On March 27, 1865, General Robert E. Lee sent a report to the Secretary of War, John C. Breckinridge. The report addressed a vital, but always sensitive topic for any army – desertions:
I have the honor to report as the number of desertions from the 9th to the 18th, both inclusive, 1,061. This embraces full reports from the infantry, but only partial reports from the artillery and cavalry, which would increase the number considerably. The largest number of desertions was from the First Corps, General Longstreet’s, Pickett’s division having lost 512 men while moving recently. I hope that some of his men only availed themselves of the opportunity to visit their homes and will return. But the number is very large, and gives rise to painful apprehensions as to the future. I do not know what can be done to put a stop to it. …
1,000 desertions in ten days was a serious loss from the rolls. At that rate, the Army of Northern Virginia and other forces defending Richmond and Petersburg would simply wither away regardless of any effort by the Federals. Though Lee did explain the high desertion rate noting the preponderance of numbers from one division. He saw it as aberration. Or perhaps more accurately, he hoped it was an aberration.
The mention of Major-General George Pickett’s division brings to mind the oft used prop that desertions came more so from the ranks of the deep south, which had been most affected by the recent Federal campaigns. Pickett’s division was all Virginian.
Lee continued with a breakdown of what he saw as contributing causes… and as a good leader will, offer solutions:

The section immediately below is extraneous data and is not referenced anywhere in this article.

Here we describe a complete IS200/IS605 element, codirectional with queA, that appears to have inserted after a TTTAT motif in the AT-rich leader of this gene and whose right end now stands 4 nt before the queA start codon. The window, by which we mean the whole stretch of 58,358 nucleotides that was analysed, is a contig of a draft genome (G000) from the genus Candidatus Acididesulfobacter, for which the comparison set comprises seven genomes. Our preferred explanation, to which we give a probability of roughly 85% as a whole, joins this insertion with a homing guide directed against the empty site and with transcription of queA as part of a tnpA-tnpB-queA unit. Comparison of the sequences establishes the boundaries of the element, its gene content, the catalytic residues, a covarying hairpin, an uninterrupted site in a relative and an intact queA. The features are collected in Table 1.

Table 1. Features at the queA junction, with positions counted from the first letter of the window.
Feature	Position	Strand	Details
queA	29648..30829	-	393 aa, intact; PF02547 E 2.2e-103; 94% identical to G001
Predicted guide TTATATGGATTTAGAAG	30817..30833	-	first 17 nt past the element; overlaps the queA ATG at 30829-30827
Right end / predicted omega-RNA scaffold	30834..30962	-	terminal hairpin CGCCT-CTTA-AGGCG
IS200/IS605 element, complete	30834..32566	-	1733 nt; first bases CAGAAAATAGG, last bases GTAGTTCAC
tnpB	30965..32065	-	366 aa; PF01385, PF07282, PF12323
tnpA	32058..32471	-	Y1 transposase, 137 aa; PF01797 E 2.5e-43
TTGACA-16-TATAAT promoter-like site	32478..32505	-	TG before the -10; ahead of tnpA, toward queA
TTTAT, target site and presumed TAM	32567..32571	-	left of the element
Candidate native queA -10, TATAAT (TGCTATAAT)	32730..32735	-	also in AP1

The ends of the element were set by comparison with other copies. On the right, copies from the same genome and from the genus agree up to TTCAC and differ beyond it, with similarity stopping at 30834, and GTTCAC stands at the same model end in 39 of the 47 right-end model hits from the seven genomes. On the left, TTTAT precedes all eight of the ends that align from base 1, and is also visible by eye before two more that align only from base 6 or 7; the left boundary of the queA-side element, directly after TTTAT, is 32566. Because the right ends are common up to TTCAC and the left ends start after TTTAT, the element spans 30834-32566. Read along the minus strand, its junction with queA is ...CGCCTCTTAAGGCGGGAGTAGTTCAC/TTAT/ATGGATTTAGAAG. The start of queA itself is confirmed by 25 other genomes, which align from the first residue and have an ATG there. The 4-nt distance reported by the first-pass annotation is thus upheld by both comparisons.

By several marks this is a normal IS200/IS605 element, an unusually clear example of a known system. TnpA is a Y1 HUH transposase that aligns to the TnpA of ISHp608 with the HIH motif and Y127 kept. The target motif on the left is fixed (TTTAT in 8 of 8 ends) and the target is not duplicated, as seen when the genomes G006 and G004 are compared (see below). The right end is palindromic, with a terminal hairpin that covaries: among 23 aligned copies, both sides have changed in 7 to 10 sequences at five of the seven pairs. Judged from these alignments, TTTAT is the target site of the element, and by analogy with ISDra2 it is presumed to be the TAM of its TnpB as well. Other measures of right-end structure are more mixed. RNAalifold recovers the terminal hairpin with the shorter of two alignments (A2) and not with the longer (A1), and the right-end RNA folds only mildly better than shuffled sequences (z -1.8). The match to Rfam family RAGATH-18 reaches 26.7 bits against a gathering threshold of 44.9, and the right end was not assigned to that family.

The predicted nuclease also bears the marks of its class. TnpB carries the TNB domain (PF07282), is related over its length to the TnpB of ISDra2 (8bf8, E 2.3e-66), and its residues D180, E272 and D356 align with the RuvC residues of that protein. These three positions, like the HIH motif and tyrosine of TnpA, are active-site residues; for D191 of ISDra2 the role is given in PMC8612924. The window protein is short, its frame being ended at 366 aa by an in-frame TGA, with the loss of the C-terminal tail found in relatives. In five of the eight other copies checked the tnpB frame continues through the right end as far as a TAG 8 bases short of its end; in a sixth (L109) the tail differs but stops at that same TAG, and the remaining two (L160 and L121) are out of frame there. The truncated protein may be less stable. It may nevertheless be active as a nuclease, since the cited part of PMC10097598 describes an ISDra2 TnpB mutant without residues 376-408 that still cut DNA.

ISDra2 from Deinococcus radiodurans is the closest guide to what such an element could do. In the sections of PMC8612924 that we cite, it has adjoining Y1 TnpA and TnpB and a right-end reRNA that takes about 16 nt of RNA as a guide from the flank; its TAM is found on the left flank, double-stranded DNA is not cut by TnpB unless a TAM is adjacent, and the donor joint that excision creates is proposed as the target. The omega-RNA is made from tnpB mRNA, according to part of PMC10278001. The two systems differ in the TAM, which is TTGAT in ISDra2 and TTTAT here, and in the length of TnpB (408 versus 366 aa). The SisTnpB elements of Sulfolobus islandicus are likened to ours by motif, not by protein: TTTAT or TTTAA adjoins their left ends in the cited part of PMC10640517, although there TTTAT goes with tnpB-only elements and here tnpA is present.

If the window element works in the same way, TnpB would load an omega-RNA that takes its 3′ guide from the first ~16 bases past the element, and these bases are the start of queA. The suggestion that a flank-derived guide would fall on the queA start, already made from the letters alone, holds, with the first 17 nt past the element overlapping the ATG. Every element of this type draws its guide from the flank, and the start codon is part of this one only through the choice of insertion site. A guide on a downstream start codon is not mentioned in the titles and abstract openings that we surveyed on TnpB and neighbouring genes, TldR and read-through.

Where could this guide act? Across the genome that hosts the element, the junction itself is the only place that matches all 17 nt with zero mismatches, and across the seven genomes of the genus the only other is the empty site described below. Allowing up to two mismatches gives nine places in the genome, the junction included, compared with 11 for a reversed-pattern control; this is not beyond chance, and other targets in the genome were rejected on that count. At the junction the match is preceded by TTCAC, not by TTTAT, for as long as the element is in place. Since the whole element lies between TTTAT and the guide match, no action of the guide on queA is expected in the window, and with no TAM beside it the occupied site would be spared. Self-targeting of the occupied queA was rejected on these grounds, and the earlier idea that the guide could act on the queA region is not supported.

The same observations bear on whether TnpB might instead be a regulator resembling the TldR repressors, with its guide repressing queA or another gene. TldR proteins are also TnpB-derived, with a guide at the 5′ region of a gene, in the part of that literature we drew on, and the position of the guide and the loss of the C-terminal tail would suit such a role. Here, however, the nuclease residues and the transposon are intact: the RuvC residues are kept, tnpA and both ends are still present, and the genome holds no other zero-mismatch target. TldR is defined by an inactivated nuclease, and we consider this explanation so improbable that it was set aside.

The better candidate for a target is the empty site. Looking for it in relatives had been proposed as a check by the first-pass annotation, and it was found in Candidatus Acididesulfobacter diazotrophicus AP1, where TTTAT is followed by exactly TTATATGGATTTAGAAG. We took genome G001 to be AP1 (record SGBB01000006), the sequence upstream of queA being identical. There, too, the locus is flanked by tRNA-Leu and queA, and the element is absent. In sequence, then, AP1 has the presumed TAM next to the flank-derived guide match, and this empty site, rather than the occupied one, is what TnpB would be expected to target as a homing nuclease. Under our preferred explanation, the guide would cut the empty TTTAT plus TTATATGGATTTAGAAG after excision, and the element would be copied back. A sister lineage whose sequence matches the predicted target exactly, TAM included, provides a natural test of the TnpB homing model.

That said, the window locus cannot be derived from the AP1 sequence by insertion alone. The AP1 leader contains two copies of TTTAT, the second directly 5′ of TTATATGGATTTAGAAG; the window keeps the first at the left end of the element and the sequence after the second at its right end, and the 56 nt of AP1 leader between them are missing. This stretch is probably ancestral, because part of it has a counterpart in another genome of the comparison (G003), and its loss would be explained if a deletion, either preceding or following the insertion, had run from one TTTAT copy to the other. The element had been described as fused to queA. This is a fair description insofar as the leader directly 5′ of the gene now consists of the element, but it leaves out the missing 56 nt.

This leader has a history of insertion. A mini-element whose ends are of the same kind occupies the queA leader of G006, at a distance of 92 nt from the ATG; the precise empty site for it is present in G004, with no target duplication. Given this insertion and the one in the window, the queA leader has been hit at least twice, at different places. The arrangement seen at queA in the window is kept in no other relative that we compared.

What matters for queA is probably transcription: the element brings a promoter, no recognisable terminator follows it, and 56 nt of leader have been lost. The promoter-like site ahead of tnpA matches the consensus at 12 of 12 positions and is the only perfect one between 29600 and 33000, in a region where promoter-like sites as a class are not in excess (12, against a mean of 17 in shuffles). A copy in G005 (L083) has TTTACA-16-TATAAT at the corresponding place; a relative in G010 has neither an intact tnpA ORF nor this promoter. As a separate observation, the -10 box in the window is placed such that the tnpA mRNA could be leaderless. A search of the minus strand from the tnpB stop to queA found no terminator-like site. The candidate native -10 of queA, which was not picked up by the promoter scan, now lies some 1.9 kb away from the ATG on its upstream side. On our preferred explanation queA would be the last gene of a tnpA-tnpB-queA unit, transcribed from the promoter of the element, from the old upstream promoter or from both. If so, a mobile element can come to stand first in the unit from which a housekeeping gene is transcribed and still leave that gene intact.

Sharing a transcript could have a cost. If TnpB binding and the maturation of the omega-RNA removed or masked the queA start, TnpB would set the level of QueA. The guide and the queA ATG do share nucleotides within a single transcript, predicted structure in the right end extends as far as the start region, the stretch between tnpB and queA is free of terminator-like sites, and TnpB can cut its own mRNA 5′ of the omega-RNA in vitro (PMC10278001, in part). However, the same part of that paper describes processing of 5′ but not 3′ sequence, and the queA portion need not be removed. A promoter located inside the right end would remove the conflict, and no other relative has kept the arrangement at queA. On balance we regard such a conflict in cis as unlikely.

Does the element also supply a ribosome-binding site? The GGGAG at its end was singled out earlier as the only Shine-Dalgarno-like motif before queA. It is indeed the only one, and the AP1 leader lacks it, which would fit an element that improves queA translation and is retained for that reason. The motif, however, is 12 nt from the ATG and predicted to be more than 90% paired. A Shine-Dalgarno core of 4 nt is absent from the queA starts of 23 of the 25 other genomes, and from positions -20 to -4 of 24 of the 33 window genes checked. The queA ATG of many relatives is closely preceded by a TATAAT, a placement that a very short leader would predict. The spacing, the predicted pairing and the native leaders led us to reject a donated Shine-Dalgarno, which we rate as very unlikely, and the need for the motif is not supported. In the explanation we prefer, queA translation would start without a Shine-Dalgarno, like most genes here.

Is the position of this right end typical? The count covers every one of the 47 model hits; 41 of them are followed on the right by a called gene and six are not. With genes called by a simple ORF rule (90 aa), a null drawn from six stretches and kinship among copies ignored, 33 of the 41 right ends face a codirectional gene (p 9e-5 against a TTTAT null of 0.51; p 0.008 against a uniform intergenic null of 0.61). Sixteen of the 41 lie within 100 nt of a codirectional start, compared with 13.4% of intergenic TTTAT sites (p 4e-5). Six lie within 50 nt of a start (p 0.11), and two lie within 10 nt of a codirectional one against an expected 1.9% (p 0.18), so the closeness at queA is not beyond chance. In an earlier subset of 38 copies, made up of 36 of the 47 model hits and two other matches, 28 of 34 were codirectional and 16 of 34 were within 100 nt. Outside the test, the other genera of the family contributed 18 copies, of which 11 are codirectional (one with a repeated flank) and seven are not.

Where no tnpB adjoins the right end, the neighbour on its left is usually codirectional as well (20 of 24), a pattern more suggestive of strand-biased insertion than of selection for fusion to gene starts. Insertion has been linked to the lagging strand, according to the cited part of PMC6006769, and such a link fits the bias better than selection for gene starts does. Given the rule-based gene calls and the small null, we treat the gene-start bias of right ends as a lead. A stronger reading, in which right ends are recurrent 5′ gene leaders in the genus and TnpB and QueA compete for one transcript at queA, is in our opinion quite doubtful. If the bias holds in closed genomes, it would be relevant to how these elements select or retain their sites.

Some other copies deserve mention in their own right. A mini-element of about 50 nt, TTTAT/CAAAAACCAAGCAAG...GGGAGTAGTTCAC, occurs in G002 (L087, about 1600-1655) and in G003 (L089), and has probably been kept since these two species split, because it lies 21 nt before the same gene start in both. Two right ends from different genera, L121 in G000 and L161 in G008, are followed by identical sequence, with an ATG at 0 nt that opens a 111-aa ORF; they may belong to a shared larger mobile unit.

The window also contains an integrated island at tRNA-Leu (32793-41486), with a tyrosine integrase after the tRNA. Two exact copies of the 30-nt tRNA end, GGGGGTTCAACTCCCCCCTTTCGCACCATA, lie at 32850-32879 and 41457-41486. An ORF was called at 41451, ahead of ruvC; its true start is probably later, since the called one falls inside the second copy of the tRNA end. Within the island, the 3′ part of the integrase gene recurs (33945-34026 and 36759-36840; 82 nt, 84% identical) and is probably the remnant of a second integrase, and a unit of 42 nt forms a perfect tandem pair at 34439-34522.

General Longstreet reports that many of the Georgia troops have deserted to join local commands authorized to be raised in that State, and that they are encouraged to do so by the officers of those commands. He mentions particularly, on the report of Brig. Gen. G. T. Anderson, the case of a Captain Hardee, formerly of the Ninth Georgia Regiment in Anderson’s brigade, who was retired on account of a wound and received authority to raise a command of light-duty men and persons not liable to conscription, for the purpose of arresting deserters in Brooks County, Ga. I inclose the papers that you may see the whole case. I have always opposed granting such authority, for the reason that it causes desertion from the regular service. I recommend that all such authorizations be revoked and that measures be taken to bring officers who have been guilty of such conduct to justice. It has been one of the greatest evils of the service since the beginning of the war, and has caused the loss of a much greater number of men than have ever been brought into service by means of such special organizations.
The two enclosures mentioned by Lee were reports from Lieutenant-General James Longstreet and Brigadier-General George T. Anderson. Lee had summarized Longstreet’s observations about recruiting practices in his report. So I’ll not repeat them here. Anderson named names in his report: